I stand corrected, thank you to one of our faithful church members. My sermon this past Sunday (March 13, 2022) was on baptism from the text, Acts 2:37-41. In my sermon I made the point that the most basic meaning of a church being “Baptist” centers on the practice of infant baptism. Baptist churches do not practice infant baptism. They only baptize converts who are of an age and level of maturity where they are capable of making their own profession of repentance and faith.
As I did that I stated there are churches who do not call themselves “Baptist” yet they really are “Baptist” because they baptize only converts and not infants. I included in that list of churches those known as Nazarene or Churches of the Nazarene. But I was wrong to include them on that list because Nazarene churches in fact do practice infant baptism. I had been unaware of this practice by the Nazarenes until now.
That faithful church member told me the story where she recently attended the worship service at a Nazarene church with a family member. On the Sunday she attended she witnessed an infant baptism performed at that church. Her story prompted me to search the official doctrine statement of the Nazarene Church which led me to discover this.
The Church of the Nazarene Manual 2017-2021 (read it here) states the official doctrine of the Nazarene churches on the practice of infant baptism as this. “Christian baptism signifies for this young child God’s acceptance within the community of Christian faith on the basis of prevenient grace. It anticipates his (her) personal confession of faith in Jesus Christ.” This is clearly not a view compatible with that of Baptist churches. Baptist churches do not believe biblical baptism to be an anticipation of conversion to faith in Jesus at some time in the future but rather a declaration of conversion to faith that has already happened. I am so thankful for faithful church members who love God’s word and listen carefully to the pastor’s sermon. May God grant us many more faithful church members like this!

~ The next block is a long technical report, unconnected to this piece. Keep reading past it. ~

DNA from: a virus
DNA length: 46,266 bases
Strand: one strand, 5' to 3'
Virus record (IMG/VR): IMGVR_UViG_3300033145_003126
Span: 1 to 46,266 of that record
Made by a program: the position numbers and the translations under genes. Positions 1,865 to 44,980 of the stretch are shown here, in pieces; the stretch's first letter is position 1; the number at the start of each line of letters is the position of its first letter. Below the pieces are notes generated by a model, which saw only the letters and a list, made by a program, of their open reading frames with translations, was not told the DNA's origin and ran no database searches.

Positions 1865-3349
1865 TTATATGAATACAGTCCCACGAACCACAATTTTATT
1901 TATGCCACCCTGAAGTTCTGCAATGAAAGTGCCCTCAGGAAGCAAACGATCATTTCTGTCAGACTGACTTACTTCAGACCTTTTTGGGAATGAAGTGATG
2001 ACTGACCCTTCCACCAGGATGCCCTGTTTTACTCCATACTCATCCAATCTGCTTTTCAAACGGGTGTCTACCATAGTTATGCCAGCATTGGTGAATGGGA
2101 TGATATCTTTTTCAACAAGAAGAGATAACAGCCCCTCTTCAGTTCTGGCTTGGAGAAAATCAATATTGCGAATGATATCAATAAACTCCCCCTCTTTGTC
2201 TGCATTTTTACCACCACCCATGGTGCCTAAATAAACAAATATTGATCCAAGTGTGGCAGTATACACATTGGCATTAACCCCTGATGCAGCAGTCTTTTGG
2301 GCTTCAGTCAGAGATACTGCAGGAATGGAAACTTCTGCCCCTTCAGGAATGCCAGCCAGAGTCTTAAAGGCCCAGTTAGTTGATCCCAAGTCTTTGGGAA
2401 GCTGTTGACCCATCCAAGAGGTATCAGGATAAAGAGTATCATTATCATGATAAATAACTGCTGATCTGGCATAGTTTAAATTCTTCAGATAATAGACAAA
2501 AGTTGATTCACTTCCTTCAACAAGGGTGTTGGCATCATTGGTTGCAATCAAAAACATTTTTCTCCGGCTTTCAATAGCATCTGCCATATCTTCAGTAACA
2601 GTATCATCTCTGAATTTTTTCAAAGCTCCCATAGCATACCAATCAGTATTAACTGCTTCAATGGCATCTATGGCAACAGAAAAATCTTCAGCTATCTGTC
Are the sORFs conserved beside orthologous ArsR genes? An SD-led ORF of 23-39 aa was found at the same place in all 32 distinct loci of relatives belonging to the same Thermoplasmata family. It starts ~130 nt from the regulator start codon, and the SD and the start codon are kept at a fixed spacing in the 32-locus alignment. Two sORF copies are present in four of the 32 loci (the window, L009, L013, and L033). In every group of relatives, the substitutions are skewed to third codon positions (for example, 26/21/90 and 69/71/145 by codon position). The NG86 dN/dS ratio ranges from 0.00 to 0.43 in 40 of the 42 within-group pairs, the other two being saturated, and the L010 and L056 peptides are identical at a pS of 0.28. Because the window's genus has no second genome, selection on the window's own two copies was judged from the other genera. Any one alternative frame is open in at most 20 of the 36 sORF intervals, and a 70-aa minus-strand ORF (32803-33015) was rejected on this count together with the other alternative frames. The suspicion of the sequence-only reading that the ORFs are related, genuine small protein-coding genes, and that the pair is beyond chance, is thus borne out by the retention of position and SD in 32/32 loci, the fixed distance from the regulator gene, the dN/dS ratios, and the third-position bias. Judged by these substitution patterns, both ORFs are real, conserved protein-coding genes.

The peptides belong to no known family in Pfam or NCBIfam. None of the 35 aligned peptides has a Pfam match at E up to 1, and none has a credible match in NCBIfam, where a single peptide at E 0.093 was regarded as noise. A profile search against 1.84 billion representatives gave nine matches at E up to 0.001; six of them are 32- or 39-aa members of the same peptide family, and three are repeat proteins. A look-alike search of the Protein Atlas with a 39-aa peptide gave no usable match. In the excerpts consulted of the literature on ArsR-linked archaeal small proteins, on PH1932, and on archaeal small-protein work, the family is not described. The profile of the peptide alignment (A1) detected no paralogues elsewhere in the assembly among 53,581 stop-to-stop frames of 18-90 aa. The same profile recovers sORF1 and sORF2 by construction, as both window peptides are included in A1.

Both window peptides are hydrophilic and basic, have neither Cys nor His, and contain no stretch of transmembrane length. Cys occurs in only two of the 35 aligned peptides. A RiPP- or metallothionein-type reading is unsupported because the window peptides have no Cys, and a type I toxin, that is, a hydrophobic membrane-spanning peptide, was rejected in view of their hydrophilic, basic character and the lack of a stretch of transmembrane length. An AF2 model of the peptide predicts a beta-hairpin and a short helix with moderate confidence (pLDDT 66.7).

I will also point out, however, that the Nazarene manual states other views on baptism that Baptist churches would affirm. It states their view that baptism is the “sign of the new covenant of grace” and that they “do not hold that baptism imparts the regenerating grace of God”. Baptist churches in general I think would agree with those statements.
Yet Baptist churches see in the Scriptures clear teaching that baptism does not precede the presence of genuine repentance and faith in the one being baptized. Every account of baptism found in the Bible shows baptism following a person’s hearing, understanding, and profession of faith in the gospel. And further baptism is the confession of the convert’s own repentance and faith and not that of their parents or anyone else.
If you’d like to read more, here’s an article from Pastor John Piper making the connection between the Baptist view of baptism and the origins of the first Baptist churches following the Protestant Reformation. This may be very helpful to those who want to understand better what it means to be a “Baptist”. Read the article here.